Pensioners cross the street in Madrid September 30, 2014.
Pensioners cross the street in Madrid September 30, 2014. Reuters

HelpAge International has warned world leaders that they will have to radically overhaul a lot of its economic policies in order to accommodate the rising population of old people.

In tandem with the release of its Global AgeWatch Index report, HelpAge warned that the United Nations projections, that the number of people over 60 will more than double to over two billion by 2050, will lead to a "unequivocal demographic shift."

"Only if they act now will they have a chance to meet the needs of their citizens and keep their economies going," said Toby Porter, chief executive of HelpAge International told the Thomson Reuters Foundation in conjunction to the report's release.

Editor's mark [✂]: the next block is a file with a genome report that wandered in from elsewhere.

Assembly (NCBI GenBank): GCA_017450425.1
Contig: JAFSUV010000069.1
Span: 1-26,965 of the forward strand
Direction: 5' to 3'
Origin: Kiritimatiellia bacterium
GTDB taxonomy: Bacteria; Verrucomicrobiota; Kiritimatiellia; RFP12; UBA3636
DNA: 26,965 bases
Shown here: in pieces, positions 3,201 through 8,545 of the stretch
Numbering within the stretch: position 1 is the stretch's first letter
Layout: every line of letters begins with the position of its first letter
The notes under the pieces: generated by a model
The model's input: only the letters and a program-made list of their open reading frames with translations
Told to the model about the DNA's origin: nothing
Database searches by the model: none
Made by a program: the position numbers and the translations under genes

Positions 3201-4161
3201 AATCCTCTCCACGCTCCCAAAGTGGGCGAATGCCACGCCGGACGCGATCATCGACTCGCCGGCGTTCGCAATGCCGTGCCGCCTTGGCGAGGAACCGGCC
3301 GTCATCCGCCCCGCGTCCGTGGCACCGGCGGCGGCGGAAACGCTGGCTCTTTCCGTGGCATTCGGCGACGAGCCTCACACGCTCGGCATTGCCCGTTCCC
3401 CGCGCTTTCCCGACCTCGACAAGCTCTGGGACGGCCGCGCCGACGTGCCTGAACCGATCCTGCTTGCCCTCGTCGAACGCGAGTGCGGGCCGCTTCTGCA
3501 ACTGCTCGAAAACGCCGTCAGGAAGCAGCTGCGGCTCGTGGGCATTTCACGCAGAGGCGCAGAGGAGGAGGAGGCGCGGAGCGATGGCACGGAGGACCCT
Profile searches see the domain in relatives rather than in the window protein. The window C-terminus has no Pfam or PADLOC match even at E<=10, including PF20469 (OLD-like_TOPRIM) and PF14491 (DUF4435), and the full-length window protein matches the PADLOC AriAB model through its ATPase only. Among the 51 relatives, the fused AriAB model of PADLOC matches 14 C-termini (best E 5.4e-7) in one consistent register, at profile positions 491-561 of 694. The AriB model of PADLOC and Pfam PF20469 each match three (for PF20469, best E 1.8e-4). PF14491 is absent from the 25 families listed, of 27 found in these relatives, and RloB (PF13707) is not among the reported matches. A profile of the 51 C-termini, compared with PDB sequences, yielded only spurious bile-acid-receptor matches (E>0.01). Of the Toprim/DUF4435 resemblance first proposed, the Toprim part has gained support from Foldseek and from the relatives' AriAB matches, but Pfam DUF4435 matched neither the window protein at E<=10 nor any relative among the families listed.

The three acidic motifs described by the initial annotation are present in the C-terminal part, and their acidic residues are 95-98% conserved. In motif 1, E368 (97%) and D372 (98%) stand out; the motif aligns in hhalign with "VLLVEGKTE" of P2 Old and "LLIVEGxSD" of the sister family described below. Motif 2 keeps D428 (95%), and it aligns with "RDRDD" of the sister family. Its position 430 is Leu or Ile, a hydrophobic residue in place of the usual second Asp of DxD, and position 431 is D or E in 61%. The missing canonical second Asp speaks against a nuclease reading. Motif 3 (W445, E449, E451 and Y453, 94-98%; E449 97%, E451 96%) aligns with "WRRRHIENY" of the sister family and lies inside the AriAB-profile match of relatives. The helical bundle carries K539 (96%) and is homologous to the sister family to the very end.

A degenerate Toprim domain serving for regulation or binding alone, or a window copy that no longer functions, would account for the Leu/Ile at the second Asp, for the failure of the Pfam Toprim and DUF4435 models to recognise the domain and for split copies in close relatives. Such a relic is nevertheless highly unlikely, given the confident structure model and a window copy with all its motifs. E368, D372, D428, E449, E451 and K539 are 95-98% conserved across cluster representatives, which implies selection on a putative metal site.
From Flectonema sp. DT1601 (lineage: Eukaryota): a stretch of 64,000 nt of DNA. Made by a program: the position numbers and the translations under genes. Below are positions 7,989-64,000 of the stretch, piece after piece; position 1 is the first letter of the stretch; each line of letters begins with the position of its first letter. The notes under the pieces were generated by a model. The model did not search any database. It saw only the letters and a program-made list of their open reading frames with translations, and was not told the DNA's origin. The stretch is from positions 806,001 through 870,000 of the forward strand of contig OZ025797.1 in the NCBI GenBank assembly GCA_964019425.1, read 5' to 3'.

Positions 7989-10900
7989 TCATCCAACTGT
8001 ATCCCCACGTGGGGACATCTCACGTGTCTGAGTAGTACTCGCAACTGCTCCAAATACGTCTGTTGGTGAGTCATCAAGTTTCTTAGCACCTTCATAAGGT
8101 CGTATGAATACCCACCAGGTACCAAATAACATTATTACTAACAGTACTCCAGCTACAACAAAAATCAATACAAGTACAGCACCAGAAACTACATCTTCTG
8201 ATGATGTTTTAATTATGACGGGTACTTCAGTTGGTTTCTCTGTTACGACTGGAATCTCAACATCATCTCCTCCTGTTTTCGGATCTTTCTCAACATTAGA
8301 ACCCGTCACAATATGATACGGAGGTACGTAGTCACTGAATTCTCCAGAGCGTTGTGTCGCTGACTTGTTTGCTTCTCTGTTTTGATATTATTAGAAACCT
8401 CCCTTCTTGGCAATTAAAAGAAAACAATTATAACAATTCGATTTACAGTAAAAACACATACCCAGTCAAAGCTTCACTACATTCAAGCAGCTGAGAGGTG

The Global AgeWatch Index ranked 96 countries and represented nine out of 10 people over 60 around the world.

It measured elderly wellbeing in four categories: income security, health, personal capability and an enabling environment.

It highlighted that non-contributory social pensions, which are funded by taxpayers across over 100 countries, have the potential to create a basic regular income for some of the very poorest older people.

"Pensions have the potential to lift millions of older people out of poverty", said Chris Roles, director of HelpAge International.

"But they also benefit whole households and contribute to economic growth."